DATE: 45-50 AD
James is addressed “to the twelve tribes which are scattered abroad” (James 1:1). There is some questioning of who wrote this letter. There are four men named James in the NT, but only two are proposed as the author of this letter–James the son of Zebedee (brother of John) and James the half-brother of Jesus. James, the son of Zebedee, was martyred in A.D. 44 (Acts 12:2) making his authorship unlikely. James, the half-brother of Jesus is considered the likely writer because of the authoritative tone of the letter and his position as the leader of the Jerusalem church (Acts 12:17; 15:13; 21:18). Similarities of the Greek in this epistle and the speech of James at the Council of Jerusalem (James 1:1 and Acts 15:23; James 1:27 and Acts 15:14; James 2:5 and Acts 15:13) also support his being the writer.
The mid-first century date is indicated by a lack of any reference to the Jerusalem Council (A.D. 49), by the use of the word “assembly” (synagogue) for the church in James 2:2, and by the strong expectation of the Lord’s soon return (James 5:7-9). The acceptance of this letter as part of the canon was questioned until the church agreed its author was most likely the half-brother of Jesus. Martin Luther, who opposed the teachings of this letter because it says little about justification by faith, and emphasizes works, did not question the genuineness of James, only its usefulness in comparison with Paul’s epistles.
The book is not about justification. It is about sanctification. It speaks of the practical aspects of the Christian life. James wrote to provide God-honoring, ethical instruction. There are many subjects about which James writes, making the book like a series of brief sayings arranged in the form of a letter. The instructions explain how to be doers of the Word (James 1:22). In the 108 verses of the epistle, there are references or allusions from 22 Old Testament books and at least 15 allusions to Jesus’ teachings in the Sermon on the Mount. Key subjects include faith and works (James 2:14-26), the use of the tongue (James 3:1-12), and prayer for the sick (James 5:13-16).
OUTLINE OF JAMES
I. Greeting, 1:1
II. Trials, 1:2-18
A. The Purpose of Trials, 1:2-12
B. The Pedigree of Trials, 1:13-15
C. The Purpose of God, 1:16-18
III. The Word, 1:19-27
IV. Partiality, 2:1-13
A. The Command, 2:1
B. The Conduct, 2:2-3
C. The Consequences, 2:4-13
V. Faith and Works, 2:14-26
A. The Inquiry, 2:14
B. The Illustration, 2:15-17
C. The Indoctrination, 2:18-26
VI. Sins of the Tongue, 3:1-12
A. Its Bridling, 3:1-4
B. Its Boasting, 3:5-12
VII. True Wisdom, 3:13-18
VIII. Worldliness, 4:1-17
A. Its Cause, 4:1-2
B. Its Consequences, 4:3-6
C. Its Cure, 4:7-10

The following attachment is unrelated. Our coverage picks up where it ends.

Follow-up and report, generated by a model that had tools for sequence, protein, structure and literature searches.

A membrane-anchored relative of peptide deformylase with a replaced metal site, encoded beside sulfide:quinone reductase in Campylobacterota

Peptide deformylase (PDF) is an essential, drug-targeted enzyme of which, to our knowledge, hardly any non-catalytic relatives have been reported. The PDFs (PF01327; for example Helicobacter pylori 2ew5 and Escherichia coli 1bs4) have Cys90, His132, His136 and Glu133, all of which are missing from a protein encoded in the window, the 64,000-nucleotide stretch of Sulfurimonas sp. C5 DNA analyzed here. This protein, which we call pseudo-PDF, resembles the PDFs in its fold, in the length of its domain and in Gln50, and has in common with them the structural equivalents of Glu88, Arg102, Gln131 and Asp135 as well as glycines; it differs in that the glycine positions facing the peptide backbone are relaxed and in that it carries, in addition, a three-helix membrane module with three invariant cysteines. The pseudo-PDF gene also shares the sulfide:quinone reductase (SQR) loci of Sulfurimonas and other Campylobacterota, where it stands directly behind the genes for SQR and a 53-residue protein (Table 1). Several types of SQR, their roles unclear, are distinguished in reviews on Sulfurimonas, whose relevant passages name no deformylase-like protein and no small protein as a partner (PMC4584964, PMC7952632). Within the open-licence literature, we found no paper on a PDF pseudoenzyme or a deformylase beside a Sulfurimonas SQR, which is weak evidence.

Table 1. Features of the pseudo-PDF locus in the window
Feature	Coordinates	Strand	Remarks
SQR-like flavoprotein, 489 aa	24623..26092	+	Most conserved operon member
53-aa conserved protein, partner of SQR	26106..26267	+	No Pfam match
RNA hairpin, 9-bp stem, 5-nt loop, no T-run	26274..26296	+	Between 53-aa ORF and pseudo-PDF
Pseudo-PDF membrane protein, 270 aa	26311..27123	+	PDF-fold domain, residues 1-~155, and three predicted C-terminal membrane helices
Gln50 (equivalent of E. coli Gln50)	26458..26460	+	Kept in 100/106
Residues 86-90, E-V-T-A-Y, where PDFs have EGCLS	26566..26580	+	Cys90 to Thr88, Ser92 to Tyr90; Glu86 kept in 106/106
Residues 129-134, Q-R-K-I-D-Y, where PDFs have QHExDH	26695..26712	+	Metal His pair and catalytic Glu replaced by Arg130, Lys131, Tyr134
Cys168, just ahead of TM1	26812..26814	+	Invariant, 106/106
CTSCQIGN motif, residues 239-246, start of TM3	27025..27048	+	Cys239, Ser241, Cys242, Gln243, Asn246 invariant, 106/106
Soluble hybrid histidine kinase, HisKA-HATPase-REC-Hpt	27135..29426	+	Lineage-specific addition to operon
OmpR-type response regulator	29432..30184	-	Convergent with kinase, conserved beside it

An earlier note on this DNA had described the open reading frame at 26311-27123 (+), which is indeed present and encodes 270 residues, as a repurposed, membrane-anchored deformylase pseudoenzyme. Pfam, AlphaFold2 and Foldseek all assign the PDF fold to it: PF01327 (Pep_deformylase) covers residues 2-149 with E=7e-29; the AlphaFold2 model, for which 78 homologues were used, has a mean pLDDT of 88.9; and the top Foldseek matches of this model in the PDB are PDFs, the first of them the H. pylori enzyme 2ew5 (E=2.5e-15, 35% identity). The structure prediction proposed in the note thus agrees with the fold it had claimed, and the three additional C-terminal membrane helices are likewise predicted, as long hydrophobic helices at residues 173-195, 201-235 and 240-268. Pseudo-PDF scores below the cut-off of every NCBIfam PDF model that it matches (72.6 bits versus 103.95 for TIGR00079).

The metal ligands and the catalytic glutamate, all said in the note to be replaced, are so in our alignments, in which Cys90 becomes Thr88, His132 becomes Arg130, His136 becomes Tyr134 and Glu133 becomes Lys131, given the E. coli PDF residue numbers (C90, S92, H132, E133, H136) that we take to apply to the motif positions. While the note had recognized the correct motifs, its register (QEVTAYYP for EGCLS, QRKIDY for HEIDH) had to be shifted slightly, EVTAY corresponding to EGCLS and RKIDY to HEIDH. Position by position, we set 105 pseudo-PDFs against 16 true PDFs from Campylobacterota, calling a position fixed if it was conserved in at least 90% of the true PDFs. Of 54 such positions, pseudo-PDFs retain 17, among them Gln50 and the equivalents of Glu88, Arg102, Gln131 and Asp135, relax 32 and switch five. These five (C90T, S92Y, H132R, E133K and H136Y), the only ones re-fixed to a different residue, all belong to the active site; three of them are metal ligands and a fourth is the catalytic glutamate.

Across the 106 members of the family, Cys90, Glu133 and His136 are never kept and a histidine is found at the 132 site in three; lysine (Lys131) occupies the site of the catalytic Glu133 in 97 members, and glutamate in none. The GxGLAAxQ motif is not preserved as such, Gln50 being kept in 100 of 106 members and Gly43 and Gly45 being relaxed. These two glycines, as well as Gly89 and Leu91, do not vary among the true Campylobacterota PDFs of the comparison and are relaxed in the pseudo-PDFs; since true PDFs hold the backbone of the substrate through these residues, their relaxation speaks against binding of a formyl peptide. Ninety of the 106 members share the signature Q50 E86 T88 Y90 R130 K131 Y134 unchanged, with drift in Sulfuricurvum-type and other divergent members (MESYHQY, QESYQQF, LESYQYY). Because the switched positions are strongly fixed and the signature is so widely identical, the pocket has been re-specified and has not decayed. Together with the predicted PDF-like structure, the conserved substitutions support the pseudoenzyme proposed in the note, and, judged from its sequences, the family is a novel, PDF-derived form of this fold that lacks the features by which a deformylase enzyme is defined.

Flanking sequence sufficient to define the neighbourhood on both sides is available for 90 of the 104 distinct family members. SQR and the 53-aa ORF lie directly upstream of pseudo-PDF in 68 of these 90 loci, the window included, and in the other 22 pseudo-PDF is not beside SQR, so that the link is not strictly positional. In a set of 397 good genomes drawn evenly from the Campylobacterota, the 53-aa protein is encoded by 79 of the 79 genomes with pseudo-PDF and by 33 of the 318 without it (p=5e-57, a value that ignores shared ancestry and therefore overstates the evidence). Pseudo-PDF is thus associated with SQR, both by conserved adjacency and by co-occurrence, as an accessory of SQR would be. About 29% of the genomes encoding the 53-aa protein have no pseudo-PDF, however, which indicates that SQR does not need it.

D. Its Characteristics, 4:11-17
IX. Riches, Patience, and Swearing, 5:1-12
X. Prayer, 5:13-18
XI. The Conversion of the Erring, 5:19-20
Do not be anxious about anything. (Phil 4:6)
In the midst of the COVID-19 pandemic, we must rightly remember who is in control. Our God is sovereign over all things, including COVID-19. As Charles Spurgeon (1834-1892) said, “The sovereignty of God is a soft pillow on which weary people lay their heads.”
Remember also God’s gracious promise, and that it is true and He is faithful to keep it: Hebrews 13:5 …”I will never leave you, nor forsake you.” The next verse remind us of the power that comes in trusting God and how we can live: Hebrews 13:6 So that we may boldly say, The Lord is my helper, and I will not fear what man [or COVID-19] shall do to me.
God loves us, and in Christ we find confidence and calm in times of uncertainty and trouble. When we trust in God, fear is replaced with faith, stress is replaced with strength, anxiety is gone and hope abounds, problems become opportunities, and we are able to receive the blessings God has for us in the midst of difficult circumstances. Turn to Jesus. He will lead you to the still waters and give rest for your troubled soul.
This hope we have as an anchor of the soul, both sure and steadfast…Hebrews 6:19
Be Ready Always...
to give a reason for the Hope that you have (1 Peter 3:15). When you can’t share the gospel with your words, share it by leaving tracts that tell people about God's grace.
When leaving a tract, always be diligent to pray about the short gospel message. Pray that it be found by someone who is in need of Jesus’ saving grace, and pray that the person will have a tender heart and open ears to receive the gift Jesus desires to give them.
By the power of the Holy Spirit, even a small tract can help in turning a broken sinner from darkness to light.
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